Tag Archives: palawan

Full Fathom Five…

13 May

Imperial Japanese Navy ship AkutsishimaThere is a sepulchral magic to a shipwreck. Viewed from underwater, with russet filigrees of sea ferns flourishing on the fractured edges of a shell hole in the side, lettuce corals unfurling from a rusting crane, the gossamer fins of lionfish undulating like silken flags outside a propshaft, a wreck is one of the most awe-inspiring sights the planet has to offer.

The battle of Coron Bay might have faded into history. Just another skirmish in the closing throes of the Second World War in Asia, where US Helldiver pilots annihilated a Japanese supply convoy hiding in the Calamian Islands.

After the raid, in September 1944, it took weeks for some of these monsters to sink. They drifted, crippled, on the currents for many miles. Others went down almost instantly, taking many of their crew with them. Some have never been found.

Z and I visited three of the ones that have. Continue reading

A Serpent in Paradise

3 May

Black banded sea krait rising from the base of the sea

Not, honestly, the best thing to see while snorkelling

The labyrinth of reef-fringed karsts around El Nido, Palawan, must be one of the best island-hopping destinations in the world. Whether above water or under it, we’ve had the most amazing couple of days.

A little too amazing for the camera I bought in Vientiane, making that two cameras down in under four months, so you’ll have to take the ensuing purple passages on trust…

We’ve spent the last two days island-hopping, first on kayaks, then on a bangka, with Z’s new friend Dima, from the Ukraine, but based in Manila, and his ma, Natasha. It’s been absolutely idyllic.

Take Secret Beach, for example. You snorkel through a foot high crevice in a jagged grey limestone cliff, above a dramatic, turquoise underwater drop off where shoals of angelfish clog the water, into a lost world: white sand beach, shallow coral lagoon, all fringed by these surreal volcanic shards of dark grey cliffs, with crabs scuttling boldly vertical towards the swifts’ nest up above. And you, your companions and your boat, have the place all to yourself. Continue reading

El Nido

2 May

view of bangkas and islands in El Nido bay.

A good way to wake up...

After a few weeks in the Philippines, one becomes almost inured to beauty.

Almost, but not quite, for El Nido, in the north of Palawan, really does take your breath away. It’s named for the swifts’ nests which snuggle within the gothic cliffs that cast a shade so deep the backstreets need streetlights of an afternoon.

A little place, about three streets deep and three streets wide, El Nido sits on a shallow, deeply indented bay, dominated by jagged shards of the cliffs and studded with deep green karst islands, forced from the bay by primeval forces, whose surrealist precipices, humps and angles resemble nothing more than a child’s first sketch of islands.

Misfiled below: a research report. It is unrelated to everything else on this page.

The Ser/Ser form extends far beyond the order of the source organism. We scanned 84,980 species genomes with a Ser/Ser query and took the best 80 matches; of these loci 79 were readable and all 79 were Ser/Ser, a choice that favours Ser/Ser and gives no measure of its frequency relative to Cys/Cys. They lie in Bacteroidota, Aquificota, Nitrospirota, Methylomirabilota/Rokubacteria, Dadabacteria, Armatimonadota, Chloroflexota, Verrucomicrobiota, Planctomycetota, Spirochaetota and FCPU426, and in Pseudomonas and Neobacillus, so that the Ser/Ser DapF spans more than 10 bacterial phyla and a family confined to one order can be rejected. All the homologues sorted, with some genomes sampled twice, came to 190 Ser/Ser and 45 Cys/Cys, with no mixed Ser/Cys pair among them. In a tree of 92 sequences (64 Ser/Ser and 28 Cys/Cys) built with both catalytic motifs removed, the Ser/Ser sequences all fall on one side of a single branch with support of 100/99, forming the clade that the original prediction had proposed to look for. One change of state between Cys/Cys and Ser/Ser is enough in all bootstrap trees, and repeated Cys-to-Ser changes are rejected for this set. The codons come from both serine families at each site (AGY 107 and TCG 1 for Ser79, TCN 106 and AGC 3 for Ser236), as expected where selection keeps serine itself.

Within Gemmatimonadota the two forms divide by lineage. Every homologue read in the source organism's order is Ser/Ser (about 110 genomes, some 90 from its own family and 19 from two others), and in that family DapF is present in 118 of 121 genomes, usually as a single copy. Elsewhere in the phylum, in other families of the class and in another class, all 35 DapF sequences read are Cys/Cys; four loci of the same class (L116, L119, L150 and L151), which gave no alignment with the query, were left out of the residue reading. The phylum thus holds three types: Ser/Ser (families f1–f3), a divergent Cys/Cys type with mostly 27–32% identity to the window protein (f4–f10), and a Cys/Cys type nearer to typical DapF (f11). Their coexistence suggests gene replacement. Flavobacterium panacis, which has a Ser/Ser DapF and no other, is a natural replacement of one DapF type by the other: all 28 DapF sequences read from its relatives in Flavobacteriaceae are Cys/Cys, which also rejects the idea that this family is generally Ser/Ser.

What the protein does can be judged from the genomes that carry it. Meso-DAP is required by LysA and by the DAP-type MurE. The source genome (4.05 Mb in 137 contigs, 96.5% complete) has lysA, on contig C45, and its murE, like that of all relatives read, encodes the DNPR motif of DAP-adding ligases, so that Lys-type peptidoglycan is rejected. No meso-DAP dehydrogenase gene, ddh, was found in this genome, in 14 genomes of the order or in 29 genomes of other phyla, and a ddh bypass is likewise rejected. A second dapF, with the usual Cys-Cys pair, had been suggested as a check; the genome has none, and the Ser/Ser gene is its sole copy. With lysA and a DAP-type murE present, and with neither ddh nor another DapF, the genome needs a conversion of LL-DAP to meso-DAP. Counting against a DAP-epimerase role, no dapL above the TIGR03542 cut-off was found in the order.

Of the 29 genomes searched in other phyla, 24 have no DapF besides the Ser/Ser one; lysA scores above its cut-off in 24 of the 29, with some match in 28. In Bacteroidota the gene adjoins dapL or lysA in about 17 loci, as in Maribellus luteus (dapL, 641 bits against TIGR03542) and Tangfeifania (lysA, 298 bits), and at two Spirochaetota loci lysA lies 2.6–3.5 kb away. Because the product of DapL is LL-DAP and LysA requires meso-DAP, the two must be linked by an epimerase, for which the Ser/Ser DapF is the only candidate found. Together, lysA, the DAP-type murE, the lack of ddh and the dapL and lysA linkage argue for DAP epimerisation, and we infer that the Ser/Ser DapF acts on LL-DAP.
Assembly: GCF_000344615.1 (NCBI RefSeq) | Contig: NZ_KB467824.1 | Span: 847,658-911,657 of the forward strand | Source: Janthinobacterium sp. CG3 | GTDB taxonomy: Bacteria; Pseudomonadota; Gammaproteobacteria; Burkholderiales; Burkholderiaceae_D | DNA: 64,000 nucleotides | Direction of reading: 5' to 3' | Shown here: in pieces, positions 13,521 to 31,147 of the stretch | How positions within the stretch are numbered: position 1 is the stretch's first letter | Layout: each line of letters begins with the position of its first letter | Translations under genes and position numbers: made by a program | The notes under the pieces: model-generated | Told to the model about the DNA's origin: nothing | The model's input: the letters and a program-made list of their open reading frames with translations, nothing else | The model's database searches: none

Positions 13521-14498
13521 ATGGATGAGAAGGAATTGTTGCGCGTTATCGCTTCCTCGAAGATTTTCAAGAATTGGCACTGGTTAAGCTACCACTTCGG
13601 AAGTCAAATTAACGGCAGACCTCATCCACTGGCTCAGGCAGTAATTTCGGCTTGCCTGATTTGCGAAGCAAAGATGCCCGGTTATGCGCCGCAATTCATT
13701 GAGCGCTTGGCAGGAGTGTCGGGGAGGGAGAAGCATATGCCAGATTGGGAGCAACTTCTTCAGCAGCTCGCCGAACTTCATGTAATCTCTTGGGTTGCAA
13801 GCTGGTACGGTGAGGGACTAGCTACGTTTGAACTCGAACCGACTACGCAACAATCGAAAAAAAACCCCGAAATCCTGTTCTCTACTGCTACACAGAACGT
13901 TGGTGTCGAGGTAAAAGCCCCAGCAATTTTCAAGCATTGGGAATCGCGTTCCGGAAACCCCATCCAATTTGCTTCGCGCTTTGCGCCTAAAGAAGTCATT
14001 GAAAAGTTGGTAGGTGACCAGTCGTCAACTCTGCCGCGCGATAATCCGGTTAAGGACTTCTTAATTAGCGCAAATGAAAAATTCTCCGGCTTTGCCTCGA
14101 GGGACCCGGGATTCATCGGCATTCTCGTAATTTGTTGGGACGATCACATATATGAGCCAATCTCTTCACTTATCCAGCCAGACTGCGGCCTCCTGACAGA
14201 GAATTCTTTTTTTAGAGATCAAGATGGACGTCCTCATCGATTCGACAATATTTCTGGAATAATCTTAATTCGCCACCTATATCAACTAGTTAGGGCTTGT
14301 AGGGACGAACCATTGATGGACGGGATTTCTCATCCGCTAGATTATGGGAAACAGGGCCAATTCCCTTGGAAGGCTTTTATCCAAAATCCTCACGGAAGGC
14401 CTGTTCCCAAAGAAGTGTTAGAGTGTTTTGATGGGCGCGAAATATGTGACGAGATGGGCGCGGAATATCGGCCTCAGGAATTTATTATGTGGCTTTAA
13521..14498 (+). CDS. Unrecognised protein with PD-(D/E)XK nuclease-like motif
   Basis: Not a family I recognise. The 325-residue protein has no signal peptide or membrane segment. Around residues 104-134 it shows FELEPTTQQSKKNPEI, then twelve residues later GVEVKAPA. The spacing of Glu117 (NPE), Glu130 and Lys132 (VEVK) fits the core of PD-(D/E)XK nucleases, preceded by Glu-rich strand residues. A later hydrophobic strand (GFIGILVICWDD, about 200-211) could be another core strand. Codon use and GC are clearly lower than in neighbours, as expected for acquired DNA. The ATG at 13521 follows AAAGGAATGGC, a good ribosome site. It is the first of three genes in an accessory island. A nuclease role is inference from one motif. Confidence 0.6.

The first amazing glimpse of the sea in all its glory as you wind through crazy chocolate drop hills, past lazing caribao and palm-thatch villages, is utterly gobsmacking.

I’ve posted before about the beauty of serendipity in travel. And in El Nido, serendipity has really struck. I could never, in my wildest dreams, have imagined that five hours on the top of an overloaded bus over bad roads could be a beautiful thing.

Buses, and for that matter jeepneys, function in the rural Philippines as a form of FedEx, delivering unaccompanied goods from sacks of rice and boxes of chicks through to fridges and air conditioners. The bus we took, amongst other things, was carrying furniture. Result! Continue reading

Sweet Madeleines

30 Apr

Z up palm treeIt’s a wonderful thing, being a child. Who would have thought a palm tree could have provided pretty much an entire day’s amusement? Scaling it. Monkey-climbing it. Swinging from it. Jumping from it. Building fires under it…

I had planned to leave Port Barton today, which, given we hadn’t planned on being here in the first place, is understandable. My pocket pyromaniac, however, had other plans. And one of the joys of extending our trip was that I was able to say yes.

It was, of course, the palm tree wot done it. Dead-centre on the flawless crescent of white beach framed by viridian hills, it offers just about the perfect gradient. The slant is sufficiently slight to clamber up with ease, yet sufficiently steep for said activity to provide a challenge, with soft, white sand below it to cushion any fall.

It offers a pirate’s lookout over the tranquil bay, a place to watch the sheet lightning which has been flashing and crashing over the hills for much of the afternoon.

And, after a slight bout of homesickness yesterday, prompted in the most Proustian of fashions by the least Proustian of items – a packet of orange-flavoured chewy sweets — Z has been as happy as, well, as happy as a small boy up a palm tree.

Homesickness, I think, goes with the territory of long-term travel, whether as an individual or as a family. Continue reading

Maritime Woes

29 Apr

Fishing bangka with extra outrigging, off Palawan, the Philippines

You can find the bloody fish, though, can't you, chaps?

There are many things unique and wonderful about the Philippines. But the boatmen here are phenomenal in many of the wrong ways.